After splitting the first two games in Atlanta, the Hawks faced a pivotal Game 3 in Boston with the opportunity to retake home court advantage. Atlanta Journal-Constitution beat writer Michael Cunningham used Synergy Sports to break down every offensive possession for Celtics point guard Rajon Rondo. His conclusion? For three quarters, Rondo did not score a single basket while guarded by Hawks combo guard Kirk Hinrich.
The Hawks traded a package that included a former and a future first-round pick to obtain Hinrich from the Wizards in 2011. But in Game 3, Hinrich failed to score a point despite his effective defense. Apparently feeling the need for an offensive spark, Drew left Hinrich on the bench in the fourth quarter and turned to career journeyman Jannero Pargo.
With Hinrich out of the game, Rondo’s offense came to life as he slashed to the basket at will. Boston opened the fourth with a 13-7 run before Pargo went to the bench and Atlanta closed on a 15-7 run to force overtime. The NBA did not publish net rating data at the time, but we can now see via historical data that the Hawks were outscored by nearly 52 points per 100 possessions in Pargo’s minutes in Game 3. Rather than entrust Atlanta’s season and his own legacy to a player the Hawks traded two first-round picks to obtain, Drew went with Pargo, a career end-of-bench player.
What does this mean for the Cavaliers? It means the team needs to get Lue back. Drew and Lue are both former NBA players who have received mixed reviews as head coaches. But when his legacy was on the line, Lue pushed the right buttons.
For Drew’s part, in his first postgame press conference since Lue’s absence was announced, he remained publicly deferential.
“Coach Lue is the one who makes that decision,” said Drew when asked about lineup combinations. “That’s not my call. We look at a lot of different combinations — whether guys are starting or whether they are coming off the bench — and we assess everything.”
On the critical question of how lineups will be fine-tuned as the Cavaliers prepare for the playoffs, Drew once again emphasized Lue’s active role even as he steps away from the bench.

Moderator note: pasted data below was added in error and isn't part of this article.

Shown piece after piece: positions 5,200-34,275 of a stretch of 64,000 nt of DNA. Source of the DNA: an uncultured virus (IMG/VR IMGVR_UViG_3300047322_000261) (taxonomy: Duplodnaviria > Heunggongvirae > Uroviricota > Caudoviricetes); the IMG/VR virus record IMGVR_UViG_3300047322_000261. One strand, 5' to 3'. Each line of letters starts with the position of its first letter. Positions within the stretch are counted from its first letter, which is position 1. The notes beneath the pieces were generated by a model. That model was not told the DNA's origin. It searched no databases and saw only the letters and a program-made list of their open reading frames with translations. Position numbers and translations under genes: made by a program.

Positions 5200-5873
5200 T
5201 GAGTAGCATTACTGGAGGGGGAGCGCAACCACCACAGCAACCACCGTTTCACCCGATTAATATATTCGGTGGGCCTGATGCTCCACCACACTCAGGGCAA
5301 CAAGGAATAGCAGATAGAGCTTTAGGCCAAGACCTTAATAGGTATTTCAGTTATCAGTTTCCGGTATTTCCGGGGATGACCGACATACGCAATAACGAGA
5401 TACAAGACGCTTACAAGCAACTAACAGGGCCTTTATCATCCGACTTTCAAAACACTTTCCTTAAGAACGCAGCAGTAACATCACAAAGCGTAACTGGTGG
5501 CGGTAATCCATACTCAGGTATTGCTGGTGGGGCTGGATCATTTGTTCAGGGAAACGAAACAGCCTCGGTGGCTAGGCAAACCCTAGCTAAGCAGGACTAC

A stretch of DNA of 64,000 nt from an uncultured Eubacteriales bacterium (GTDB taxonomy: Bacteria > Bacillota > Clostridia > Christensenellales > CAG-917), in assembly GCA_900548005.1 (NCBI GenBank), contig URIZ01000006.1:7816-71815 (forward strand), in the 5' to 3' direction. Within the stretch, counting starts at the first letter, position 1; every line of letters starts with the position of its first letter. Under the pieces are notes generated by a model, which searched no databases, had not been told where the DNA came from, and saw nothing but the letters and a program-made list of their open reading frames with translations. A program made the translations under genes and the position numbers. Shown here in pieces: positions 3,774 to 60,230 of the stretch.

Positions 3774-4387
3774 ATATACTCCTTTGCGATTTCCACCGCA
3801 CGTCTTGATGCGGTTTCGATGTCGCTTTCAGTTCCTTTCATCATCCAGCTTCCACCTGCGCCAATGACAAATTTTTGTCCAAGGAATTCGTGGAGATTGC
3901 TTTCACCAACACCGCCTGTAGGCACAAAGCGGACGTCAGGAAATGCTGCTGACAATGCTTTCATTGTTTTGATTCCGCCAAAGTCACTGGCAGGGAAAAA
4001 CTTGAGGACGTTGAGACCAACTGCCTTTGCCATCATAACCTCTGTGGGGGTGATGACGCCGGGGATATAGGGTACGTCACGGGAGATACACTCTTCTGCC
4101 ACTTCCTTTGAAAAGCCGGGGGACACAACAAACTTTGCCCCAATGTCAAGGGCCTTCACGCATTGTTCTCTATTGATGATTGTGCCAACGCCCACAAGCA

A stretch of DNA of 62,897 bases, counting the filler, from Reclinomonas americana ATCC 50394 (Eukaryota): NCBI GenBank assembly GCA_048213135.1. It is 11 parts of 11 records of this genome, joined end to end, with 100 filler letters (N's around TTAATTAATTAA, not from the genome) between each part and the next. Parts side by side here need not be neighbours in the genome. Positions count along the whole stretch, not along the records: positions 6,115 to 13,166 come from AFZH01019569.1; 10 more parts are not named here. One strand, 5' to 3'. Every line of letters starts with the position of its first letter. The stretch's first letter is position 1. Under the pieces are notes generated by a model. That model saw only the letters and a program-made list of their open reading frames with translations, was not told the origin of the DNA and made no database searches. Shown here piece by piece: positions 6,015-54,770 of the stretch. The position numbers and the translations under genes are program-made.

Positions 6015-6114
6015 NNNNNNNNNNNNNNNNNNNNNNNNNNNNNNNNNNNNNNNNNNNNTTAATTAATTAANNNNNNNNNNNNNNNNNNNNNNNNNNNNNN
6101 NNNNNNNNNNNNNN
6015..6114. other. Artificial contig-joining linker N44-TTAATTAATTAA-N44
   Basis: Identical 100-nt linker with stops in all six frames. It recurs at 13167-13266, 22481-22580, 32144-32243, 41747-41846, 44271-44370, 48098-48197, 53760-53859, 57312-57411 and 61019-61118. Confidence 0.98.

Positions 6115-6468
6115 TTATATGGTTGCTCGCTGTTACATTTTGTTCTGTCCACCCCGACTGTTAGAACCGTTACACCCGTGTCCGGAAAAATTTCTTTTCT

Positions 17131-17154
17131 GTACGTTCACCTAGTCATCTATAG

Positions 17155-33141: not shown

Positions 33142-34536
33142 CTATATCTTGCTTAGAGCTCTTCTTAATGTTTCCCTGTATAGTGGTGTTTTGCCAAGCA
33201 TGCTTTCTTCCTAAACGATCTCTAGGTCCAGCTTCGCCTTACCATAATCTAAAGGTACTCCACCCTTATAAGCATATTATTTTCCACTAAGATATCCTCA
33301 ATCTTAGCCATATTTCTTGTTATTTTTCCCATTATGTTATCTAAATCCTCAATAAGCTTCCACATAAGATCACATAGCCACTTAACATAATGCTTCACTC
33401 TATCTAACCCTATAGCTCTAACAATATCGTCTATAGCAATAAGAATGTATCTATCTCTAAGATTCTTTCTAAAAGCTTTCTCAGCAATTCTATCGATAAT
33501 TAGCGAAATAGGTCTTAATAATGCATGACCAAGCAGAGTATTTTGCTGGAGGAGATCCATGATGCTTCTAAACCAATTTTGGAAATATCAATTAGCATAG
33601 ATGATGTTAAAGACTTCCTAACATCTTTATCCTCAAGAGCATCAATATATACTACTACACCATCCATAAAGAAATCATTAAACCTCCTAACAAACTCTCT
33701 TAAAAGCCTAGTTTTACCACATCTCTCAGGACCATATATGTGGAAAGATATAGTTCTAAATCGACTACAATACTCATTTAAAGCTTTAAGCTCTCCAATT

“I’ll talk to Ty,” said Drew. “He’s got the final say-so. Whatever he wants, then that’s what we’re going to go with. But if he tells me to make a decision, then I’ll have to make the decision.”
With Lue suffering acute symptoms, there’s no way of knowing when he will be ready to step back into the pressure cooker of a leading role for a team with championship aspirations. But the Cavaliers need him and need his steadying influence and instincts. Cleveland is a team that has battled through injuries and a major roster overhaul at the trade deadline. It also faces the pressure of James’ impending free agency decision this summer.
Now, with the playoffs just around the corner, the Cavaliers must endure uncertainty about Lue’s ability to return and lead the team. James has emphasized that Lue’s health overshadows any basketball concerns, but gave his most terse remark when asked about learning that Lue would step away on the same day Cleveland finally got Love back.
“If it’s not one thing, it’s another,” said James. “That was my reaction.”
A Breakout Season for Joe Harris
Brooklyn Nets swingman Joe Harris talks to Basketball Insiders about his second chance with the Nets.
The NBA is all about second chances. Sometimes players need a change of scenery, or a coach who believes in them, or just something different to reach their full potential. They may be cast aside by several teams, but eventually, they often find that right situation that allows them to flourish.
Such was the case for Joe Harris. Originally drafted by the Cleveland Cavaliers with the 33rd overall pick in the 2014 draft, Harris rarely saw the court during his time in Cleveland. He averaged about 6.4 minutes per game over the course of about one and a half seasons with the Cavaliers.
During the 2015-16 season, his second in Cleveland, he underwent season-ending foot surgery. Almost immediately after, the Cavaliers traded him to the Orlando Magic in an attempt to cut payroll due to luxury tax penalties. He would never suit up for the Magic as they cut him as soon as they traded for him.